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Necktie tips.

“A well-tied tie is the first serious step in life,” said poet Oscar Wilde, famous for “Living well is the best revenge.” Before your well-tied knot has a chance to help, be sure your tie is spotless. It’s another universal truth that the more expensive the tie, the more prone it is to stains from soup, café au lait or wine. Our stain experts know how to gently restore your neckware to like-new condition.


Starch can actually shorten the life of a shirt by reducing the fabric’s ability to bend, stretch and straighten and heavy starching reduces the tensile (resistance to tension) strength by 20-30%, according to DLI. The advantages of starching? Better whiteness, a crisper look and increased resistance to staining. Starched or not, we’ll keep your shirts and blouses looking their best, so you’ll look yours.

High-tech cool.

Scientists at Stanford have invented a new fiber that not only lets perspiration evaporate quickly, but it also allows infrared body heat to escape. By allowing thermal radiation, air and water vapor to pass through clothing, the wearer can feel nearly 4 degrees (F) cooler, reducing the need for air conditioning. That’s cool!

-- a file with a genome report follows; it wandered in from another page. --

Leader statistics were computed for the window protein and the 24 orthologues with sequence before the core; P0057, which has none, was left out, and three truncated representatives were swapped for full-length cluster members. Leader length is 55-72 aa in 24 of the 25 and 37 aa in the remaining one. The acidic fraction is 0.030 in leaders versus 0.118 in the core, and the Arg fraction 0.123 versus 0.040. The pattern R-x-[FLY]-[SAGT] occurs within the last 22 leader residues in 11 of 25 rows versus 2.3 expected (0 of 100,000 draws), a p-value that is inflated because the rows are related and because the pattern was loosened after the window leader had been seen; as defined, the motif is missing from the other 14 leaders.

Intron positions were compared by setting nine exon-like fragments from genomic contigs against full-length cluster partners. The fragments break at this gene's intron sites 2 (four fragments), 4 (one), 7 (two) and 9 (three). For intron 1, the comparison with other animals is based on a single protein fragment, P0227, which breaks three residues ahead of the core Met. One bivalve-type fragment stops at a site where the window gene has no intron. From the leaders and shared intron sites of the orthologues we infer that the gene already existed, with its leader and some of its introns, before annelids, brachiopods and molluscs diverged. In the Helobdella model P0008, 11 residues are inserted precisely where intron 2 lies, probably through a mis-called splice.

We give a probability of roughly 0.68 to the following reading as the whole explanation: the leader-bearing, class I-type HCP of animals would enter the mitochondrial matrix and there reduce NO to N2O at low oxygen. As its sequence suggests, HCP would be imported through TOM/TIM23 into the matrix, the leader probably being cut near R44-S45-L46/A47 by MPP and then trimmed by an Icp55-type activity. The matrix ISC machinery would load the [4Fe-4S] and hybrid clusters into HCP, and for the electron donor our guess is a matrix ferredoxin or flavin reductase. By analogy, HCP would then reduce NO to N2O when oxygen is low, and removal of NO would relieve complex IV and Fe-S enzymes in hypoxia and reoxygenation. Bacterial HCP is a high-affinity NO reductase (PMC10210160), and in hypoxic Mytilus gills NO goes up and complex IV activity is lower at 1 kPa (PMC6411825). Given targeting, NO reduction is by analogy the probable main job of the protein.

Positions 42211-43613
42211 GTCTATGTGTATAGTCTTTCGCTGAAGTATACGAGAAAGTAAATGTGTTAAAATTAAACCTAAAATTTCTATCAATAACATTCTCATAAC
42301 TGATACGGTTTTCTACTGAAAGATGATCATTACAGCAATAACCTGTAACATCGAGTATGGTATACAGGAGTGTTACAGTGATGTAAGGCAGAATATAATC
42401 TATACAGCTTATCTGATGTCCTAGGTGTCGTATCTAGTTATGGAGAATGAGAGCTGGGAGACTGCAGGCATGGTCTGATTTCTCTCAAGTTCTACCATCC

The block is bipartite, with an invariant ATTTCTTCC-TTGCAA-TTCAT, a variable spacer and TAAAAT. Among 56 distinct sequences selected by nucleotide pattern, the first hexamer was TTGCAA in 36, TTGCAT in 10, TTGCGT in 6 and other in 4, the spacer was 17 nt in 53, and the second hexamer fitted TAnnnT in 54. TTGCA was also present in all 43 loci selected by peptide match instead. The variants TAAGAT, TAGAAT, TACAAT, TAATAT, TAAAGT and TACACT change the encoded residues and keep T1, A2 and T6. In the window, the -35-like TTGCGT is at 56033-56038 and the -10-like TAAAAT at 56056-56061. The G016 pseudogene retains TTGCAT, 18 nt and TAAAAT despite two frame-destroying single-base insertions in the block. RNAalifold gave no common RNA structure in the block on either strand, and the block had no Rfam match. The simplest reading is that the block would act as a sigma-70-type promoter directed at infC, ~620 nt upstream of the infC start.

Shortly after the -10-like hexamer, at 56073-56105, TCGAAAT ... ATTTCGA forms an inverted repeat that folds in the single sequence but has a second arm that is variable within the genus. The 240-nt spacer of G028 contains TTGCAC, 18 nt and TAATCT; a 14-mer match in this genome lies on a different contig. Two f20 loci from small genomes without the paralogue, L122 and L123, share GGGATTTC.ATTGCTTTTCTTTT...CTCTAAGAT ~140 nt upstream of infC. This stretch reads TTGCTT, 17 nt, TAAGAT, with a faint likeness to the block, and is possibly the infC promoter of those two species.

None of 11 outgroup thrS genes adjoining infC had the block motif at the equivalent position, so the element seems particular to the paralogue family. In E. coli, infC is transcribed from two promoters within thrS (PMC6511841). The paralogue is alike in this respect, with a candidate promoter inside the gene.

Silk scarves.

Proper scarf care adds years of life and wear. There’s nothing as luxurious as silk, or as delicate to clean. You can hand wash and press at home, but the experts recommend dry cleaning to avoid color loss, fabric damage or dye transfer, especially for crinkled (plissé) or brocades. To get the most from your investment, avoid bright sunlight – it will fade your scarf, keep makeup and perfume on your skin, not your scarf.

Smarter clothes.

Wearable technology is still in the early days, and shirts that control temperature or pants that charge your phone are still in the planning stages. Fashion and technology are combining to create a few surprises — like comfortable stiletto heels of thermoplastic or Ralph Lauren’s $295 PoloTech shirt that monitors heart, breathing and balance. We’ll be ready to clean your wearables, even if they’re equipped with digital displays or calculating circuitry. Read the BBC report here.